Hanging sparks theatrics in Indian state

IN Media Practice | 30/08/2004
After the media overkill of the hanging of Dhananjoy Chatterjee, which spurred a rash of play time hangings by children in West Bengal, popular folk opera plans to exploit the story.

The theater companies plan to take the hanging to another level.

"The anguish and pain of Chatterjee`s young widow will also be highlighted," says Debu Hazra of Ananda Jatra. The theater houses say they will travel to the dead man`s village to cover the angles that the mainstream media has missed.

Such arguments don`t wash with the police who attribute a rise in juvenile crime in Calcutta partly to the visual media`s surfeit of aspirational ads, crime and violence.

Psychiatrist Dipankar Mukherjee agrees. "The culprit is our commodity-based society, together with the visual stimulus provided by a medium like TV," he believes. "Sex and violence are portrayed as a short-cut to stardom."

Says psychiatrist Amarnath Mullick, "People tend to associate death with fear. But the hype around Chatterjee`s hanging may have made him a hero in children`s eyes."

In the Chatterjee case, while adults lapped up the `facts` ferreted out by TV and the press, few seemed to have paid attention to the potentially injurious effects it was having on their children.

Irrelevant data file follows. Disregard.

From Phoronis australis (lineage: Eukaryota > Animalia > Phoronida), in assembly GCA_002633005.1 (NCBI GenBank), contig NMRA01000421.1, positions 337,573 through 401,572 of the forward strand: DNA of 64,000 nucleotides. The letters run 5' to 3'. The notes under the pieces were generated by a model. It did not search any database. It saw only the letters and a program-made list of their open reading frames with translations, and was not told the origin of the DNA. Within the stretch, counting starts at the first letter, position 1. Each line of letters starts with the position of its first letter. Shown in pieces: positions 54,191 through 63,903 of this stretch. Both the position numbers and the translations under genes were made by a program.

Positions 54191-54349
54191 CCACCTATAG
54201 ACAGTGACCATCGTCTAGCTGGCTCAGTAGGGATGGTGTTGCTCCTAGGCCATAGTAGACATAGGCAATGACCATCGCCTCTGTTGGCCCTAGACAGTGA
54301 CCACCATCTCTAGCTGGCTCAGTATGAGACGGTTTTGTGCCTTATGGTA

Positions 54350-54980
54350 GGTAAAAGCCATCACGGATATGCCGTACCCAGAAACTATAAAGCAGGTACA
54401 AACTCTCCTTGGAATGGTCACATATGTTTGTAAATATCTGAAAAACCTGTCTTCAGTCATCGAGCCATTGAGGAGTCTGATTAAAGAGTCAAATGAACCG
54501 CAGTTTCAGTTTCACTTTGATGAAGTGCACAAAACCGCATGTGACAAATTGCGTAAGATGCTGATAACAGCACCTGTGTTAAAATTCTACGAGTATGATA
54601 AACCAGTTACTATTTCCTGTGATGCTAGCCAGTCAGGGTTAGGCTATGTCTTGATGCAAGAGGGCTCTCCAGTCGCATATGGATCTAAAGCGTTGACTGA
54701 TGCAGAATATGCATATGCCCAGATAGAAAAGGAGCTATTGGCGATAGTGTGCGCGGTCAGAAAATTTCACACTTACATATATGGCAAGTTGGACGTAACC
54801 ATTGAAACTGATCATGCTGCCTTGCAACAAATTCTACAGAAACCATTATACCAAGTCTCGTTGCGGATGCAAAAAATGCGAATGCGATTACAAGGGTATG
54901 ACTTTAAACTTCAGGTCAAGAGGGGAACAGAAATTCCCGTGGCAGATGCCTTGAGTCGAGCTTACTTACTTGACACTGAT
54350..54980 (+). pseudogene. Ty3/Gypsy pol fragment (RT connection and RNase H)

Observes child psychologist Pradip Biswas, "A child`s mind is imitative. Children try to re-enact whatever catches their fancy without knowing the consequences. In the last one-and-half months, the average child has been constantly exposed to the hanging episode. They saw the image of a hangman with his rope. The hanging came across as some sort of game to them."

With hardly any monitoring of their viewing habits, young children are easily influenced.

This isn`t the first instance of Indian children courting disaster after imitating what they have seen on TV. In 1999, several children died after jumping from the top of buildings, believing they would be saved by Shaktimaan, an Indian clone of Superman.

Among the casualties were K. Girija Prasad, 12, who strangled himself with a sari in the eastern Indian city of Bhubaneshwar, and two young girls from the southern Dharwad town who set themselves on fire hoping Shaktimaan would rescue them.

In 1998, a survey by the Indian Marketing Research Bureau had found that children formed 60 per cent of the viewership base of all popular programs even though they were not watching programs of their choice.

Following those incidents, the Delhi-based Center for Media Studies brought out a guideline for parents and teachers on children`s viewing. The Center worked on well-documented studies proving that excessive TV viewing leads to aggressive behavior, inability to distinguish between fantasy and reality, and so on.

Chatterjee may be dead but the episode hasn`t been buried yet. Satirist Chandril Bhattacharya wrote in his column in Calcutta`s popular local daily Ananda Bazar Patrika after the hanging, "At last, the festival around Dhananjoy Chatterjee has ended. What next?"

It`s over to the opera.

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